Thoreau’s real masterpiece is not Walden but the 2-million-word journal that he kept until six months before he died. Its continuing relevance lies in the vivid spectacle of a man wrestling with tensions that still confound us. The journal illustrates his almost daily balancing act between recording scrupulous observations of nature and expressing sheer joy at the beauty of it all. Romantic predecessors like Samuel Taylor Coleridge and, centuries before that, polymaths like Leonardo da Vinci thrived on the interplay between subjective and objective exploration of the world. For Leonardo, engineering and math infused painting and sculpture; Coleridge said that he attended chemistry lectures to enlarge his “stock of metaphors.”It would be more correct to say that Walden is not his only masterpiece.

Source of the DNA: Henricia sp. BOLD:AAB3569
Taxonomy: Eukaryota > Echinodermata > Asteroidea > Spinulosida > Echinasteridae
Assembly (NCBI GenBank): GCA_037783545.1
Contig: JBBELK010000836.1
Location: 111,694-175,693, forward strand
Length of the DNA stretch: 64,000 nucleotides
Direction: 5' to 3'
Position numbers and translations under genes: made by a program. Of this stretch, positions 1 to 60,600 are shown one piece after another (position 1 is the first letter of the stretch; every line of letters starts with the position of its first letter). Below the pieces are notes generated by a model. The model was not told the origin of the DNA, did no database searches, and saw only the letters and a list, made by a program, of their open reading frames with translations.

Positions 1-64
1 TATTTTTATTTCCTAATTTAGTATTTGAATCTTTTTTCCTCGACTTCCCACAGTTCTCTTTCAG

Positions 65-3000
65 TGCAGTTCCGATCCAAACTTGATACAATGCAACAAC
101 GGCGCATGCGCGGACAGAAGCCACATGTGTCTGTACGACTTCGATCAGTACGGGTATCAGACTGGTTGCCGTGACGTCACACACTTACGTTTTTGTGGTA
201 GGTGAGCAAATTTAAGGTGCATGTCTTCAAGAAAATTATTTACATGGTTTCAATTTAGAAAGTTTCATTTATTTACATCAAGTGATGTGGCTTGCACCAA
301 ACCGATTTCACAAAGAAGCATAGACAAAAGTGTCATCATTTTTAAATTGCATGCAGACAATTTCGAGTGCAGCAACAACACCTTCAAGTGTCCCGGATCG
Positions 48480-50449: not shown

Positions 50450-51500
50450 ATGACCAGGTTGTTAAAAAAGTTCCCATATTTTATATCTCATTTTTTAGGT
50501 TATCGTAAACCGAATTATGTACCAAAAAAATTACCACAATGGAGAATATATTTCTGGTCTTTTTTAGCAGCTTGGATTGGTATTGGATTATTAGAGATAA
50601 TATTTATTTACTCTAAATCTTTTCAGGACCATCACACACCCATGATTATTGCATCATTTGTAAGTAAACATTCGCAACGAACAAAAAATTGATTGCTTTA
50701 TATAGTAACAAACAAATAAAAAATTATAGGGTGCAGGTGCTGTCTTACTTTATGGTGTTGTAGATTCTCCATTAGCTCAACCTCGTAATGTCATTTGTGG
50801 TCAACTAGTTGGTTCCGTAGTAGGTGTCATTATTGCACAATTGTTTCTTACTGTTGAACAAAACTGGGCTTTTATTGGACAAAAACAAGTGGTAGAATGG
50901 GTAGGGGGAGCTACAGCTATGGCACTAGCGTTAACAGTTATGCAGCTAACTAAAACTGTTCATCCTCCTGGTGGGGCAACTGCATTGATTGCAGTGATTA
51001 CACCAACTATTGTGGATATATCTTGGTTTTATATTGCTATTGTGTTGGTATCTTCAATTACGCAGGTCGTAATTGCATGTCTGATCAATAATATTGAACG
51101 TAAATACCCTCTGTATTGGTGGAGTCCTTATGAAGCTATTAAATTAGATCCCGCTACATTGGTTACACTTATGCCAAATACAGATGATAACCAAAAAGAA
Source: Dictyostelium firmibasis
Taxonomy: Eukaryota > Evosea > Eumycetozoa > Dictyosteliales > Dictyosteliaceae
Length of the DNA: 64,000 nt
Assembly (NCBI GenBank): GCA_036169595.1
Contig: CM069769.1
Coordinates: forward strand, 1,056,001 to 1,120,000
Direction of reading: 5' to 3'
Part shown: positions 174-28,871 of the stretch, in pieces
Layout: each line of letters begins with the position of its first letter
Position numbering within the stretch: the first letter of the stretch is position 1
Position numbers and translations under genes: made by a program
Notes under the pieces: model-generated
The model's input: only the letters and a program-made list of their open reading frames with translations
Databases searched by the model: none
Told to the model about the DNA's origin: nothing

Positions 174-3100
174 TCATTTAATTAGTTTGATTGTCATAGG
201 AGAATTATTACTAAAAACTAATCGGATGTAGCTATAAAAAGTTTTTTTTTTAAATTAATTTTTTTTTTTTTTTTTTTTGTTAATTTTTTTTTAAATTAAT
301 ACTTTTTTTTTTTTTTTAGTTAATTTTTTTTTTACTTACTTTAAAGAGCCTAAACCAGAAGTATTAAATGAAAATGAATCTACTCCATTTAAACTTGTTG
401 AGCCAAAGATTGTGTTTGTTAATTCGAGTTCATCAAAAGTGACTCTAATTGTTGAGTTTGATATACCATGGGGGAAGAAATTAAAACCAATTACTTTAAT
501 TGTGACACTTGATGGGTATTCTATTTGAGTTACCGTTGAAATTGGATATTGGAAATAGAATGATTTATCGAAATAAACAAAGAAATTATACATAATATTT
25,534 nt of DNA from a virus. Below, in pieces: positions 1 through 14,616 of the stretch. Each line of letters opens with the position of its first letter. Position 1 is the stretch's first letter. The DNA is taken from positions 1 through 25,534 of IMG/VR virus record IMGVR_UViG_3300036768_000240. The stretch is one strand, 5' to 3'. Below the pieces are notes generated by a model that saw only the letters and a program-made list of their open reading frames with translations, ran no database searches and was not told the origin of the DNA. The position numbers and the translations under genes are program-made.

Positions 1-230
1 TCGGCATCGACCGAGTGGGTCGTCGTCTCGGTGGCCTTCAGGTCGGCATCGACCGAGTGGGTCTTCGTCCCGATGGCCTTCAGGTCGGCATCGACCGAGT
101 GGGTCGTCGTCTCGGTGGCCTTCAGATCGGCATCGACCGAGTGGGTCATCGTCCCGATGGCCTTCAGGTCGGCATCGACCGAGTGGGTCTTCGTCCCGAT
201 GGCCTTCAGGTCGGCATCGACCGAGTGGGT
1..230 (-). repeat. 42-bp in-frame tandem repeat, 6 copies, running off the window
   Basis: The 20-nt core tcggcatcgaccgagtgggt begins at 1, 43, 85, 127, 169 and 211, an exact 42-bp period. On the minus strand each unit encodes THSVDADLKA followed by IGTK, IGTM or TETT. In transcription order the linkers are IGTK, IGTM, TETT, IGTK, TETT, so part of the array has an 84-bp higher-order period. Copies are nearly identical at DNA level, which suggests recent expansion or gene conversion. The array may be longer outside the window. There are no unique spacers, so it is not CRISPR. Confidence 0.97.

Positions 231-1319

Wednesday, October 11, 2017
… What’s Inside Henry Thoreau’s Journal - The Atlantic. (Hat tip, Dave Lull.)